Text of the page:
# subnetting

May 31st, 2010

I am comfortable in subnetting class C IP addresses.  How would you solve the following?

What is the last valid host on the subnetwork 172.29.80.0/20?

Thanks.

My above answer missed one point. Whenever you are asked to subnet, you must also consider number of host required within each subnet as

well. Like in my answer, the max host per subnet could only be 2. If this is your requirement then its ok, else, you have to also define how many host you need per subnet.

Its very simple.

If i have a /24 prefix length, which expands to 255.255.255.0, this means i can play only in last octet. Now remember one rule

1) There must be 2 bits at the min for the host portion when subnetting is being done. This is why 99% of the time you will see max subnet mask to be of /30

2) The above rule is sometimes ignored using a /31 mask, but its usage is not recommended.

So keeping the above rules in mind, how many bits are left for me to do any further subnetting with a /24 mask ?  8 bits (last octet) - 2 bits (above rule) = 6 bits

using the famous 2^n formula,  which becomes 2^6 = 64 subnets.

I hope it helps you.

Its very simple

1) First expand the prefix length to subnet mask.

/20 expands to 255.255.240.0

2) Any octet that contains value other then 0 or 255 is called interesting octet. In our case 3rd octet contains 240 so do the following

subtract interesting-octet value (240) from 256.

256 - 240 = 16.

Now start from 0 and add 16 till 256

0

.

.

.

16

.

.

.

32

.

.

.

48

.

.

.

64

.

.

.

80

.

.

.

96

.

.

.

(so on) till 256

Now the valid IP ranges are as follows

172.29.80.1<- First valid IP

172.29.80.2

.

.

.

172.29.95.254 <- Last valid IP

Now how did we get this ? Remember, the last valid IP is Just BEFORE the broadcast address of that subnet. In our case the subnet is 172.29.80.0/20, the broadcast address of this subnet is all ones in host portion. So the value will be 172.29.95.255 for broadcast address. Just minus 1 from the last octet and you get the last valid IP.

I have assumed you know how to do subnetting in binary.

Overall Rating: 5 (3 ratings)

## Replies

Jonn cos Tue, 06/01/2010 - 00:19

Its very simple

1) First expand the prefix length to subnet mask.

/20 expands to 255.255.240.0

2) Any octet that contains value other then 0 or 255 is called interesting octet. In our case 3rd octet contains 240 so do the following

subtract interesting-octet value (240) from 256.

256 - 240 = 16.

Now start from 0 and add 16 till 256

0

.

.

.

16

.

.

.

32

.

.

.

48

.

.

.

64

.

.

.

80

.

.

.

96

.

.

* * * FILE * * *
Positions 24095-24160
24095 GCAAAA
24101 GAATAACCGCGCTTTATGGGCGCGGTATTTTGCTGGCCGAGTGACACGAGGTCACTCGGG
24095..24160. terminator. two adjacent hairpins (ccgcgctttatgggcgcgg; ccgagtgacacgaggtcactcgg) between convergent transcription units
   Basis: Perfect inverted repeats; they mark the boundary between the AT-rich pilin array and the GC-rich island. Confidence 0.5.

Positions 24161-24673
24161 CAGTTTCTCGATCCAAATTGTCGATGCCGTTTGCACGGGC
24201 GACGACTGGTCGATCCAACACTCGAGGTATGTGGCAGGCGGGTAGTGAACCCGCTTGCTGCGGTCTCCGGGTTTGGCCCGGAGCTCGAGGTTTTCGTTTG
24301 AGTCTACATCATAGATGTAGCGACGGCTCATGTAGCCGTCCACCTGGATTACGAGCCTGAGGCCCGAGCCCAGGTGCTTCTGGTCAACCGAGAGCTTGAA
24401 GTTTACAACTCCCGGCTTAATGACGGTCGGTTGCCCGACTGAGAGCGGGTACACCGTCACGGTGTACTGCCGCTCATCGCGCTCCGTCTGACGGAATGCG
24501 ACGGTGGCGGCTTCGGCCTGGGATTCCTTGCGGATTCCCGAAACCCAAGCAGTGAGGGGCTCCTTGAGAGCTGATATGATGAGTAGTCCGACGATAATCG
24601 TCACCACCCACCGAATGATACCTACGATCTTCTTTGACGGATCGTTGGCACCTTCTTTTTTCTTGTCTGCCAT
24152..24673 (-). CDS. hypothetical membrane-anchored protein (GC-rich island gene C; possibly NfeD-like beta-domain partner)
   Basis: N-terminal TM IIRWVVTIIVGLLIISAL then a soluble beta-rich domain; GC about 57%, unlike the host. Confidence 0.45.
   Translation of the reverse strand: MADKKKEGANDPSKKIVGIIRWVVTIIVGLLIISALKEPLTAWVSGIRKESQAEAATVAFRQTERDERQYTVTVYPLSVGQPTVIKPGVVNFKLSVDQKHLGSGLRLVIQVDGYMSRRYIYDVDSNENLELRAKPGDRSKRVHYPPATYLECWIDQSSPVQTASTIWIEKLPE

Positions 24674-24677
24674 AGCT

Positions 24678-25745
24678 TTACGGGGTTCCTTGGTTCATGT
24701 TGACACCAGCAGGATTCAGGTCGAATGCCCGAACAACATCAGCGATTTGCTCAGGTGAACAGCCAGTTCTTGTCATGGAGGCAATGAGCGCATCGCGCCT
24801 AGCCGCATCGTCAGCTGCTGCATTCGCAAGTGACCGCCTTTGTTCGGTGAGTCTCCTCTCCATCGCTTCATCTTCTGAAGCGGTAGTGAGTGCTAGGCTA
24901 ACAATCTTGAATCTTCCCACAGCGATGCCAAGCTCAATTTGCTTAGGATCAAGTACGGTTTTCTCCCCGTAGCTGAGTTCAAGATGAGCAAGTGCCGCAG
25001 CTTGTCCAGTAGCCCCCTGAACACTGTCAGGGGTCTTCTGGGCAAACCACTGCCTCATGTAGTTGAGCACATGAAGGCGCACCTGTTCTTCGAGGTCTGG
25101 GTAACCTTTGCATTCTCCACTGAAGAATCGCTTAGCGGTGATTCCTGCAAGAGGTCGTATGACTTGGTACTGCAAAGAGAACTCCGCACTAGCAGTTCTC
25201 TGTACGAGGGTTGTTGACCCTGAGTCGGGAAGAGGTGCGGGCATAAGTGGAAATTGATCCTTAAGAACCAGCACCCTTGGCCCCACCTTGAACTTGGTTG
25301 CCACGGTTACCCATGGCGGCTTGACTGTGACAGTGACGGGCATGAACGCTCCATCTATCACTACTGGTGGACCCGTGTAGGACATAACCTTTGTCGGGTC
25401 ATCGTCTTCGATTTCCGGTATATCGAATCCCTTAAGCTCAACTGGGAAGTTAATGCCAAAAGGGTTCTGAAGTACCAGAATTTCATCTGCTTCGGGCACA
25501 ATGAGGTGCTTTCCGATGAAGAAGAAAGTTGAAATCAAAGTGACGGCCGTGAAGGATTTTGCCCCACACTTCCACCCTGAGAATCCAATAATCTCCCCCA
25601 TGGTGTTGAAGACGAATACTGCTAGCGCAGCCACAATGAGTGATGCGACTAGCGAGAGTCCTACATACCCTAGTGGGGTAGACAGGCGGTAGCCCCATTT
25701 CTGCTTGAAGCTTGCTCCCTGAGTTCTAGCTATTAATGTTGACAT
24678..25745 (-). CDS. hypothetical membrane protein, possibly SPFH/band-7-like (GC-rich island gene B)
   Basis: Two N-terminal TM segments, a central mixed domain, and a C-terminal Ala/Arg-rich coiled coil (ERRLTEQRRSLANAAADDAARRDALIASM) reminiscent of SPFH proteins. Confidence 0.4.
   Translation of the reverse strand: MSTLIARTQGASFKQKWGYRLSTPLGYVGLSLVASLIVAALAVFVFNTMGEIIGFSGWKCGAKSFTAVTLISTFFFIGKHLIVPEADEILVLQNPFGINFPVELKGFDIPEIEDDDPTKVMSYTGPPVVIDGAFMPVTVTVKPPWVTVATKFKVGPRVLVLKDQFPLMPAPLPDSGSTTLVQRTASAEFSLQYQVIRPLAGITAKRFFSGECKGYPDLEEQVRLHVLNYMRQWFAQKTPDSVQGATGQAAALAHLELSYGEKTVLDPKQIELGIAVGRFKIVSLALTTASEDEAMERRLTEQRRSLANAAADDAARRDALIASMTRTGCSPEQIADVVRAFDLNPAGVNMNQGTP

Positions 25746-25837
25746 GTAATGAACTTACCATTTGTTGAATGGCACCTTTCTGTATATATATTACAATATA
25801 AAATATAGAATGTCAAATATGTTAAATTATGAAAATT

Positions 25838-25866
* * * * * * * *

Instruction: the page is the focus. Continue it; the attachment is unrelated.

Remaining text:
.

(so on) till 256

Now the valid IP ranges are as follows

172.29.80.1<- First valid IP

172.29.80.2

.

.

.

172.29.95.254 <- Last valid IP

Now how did we get this ? Remember, the last valid IP is Just BEFORE the broadcast address of that subnet. In our case the subnet is 172.29.80.0/20, the broadcast address of this subnet is all ones in host portion. So the value will be 172.29.95.255 for broadcast address. Just minus 1 from the last octet and you get the last valid IP.

I have assumed you know how to do subnetting in binary.

saidfarah Tue, 06/01/2010 - 23:03

You have a class B network with a /24 mask. How many usable subnets exist?

Jonn cos Wed, 06/02/2010 - 01:14

Its very simple.

If i have a /24 prefix length, which expands to 255.255.255.0, this means i can play only in last octet. Now remember one rule

1) There must be 2 bits at the min for the host portion when subnetting is being done. This is why 99% of the time you will see max subnet mask to be of /30

2) The above rule is sometimes ignored using a /31 mask, but its usage is not recommended.

So keeping the above rules in mind, how many bits are left for me to do any further subnetting with a /24 mask ?  8 bits (last octet) - 2 bits (above rule) = 6 bits

using the famous 2^n formula,  which becomes 2^6 = 64 subnets.

I hope it helps you.

Jonn cos Wed, 06/02/2010 - 01:20

My above answer missed one point. Whenever you are asked to subnet, you must also consider number of host required within each subnet as

well. Like in my answer, the max host per subnet could only be 2. If this is your requirement then its ok, else, you have to also define how many host you need per subnet.

saidfarah Wed, 06/02/2010 - 07:18

I am confused as to when you use the formula 2^bits for deriving the the number of subnets and when you use the formula (2^bits)-2 for the number of subnets.

Thanks.

saidfarah Wed, 06/02/2010 - 07:41

So the question arise is why do you have subnets if you are not going to  have any hosts? Thus you need to keep in mind to have a minimum 2 host inorder to have a subnet.

Thanks, I got it.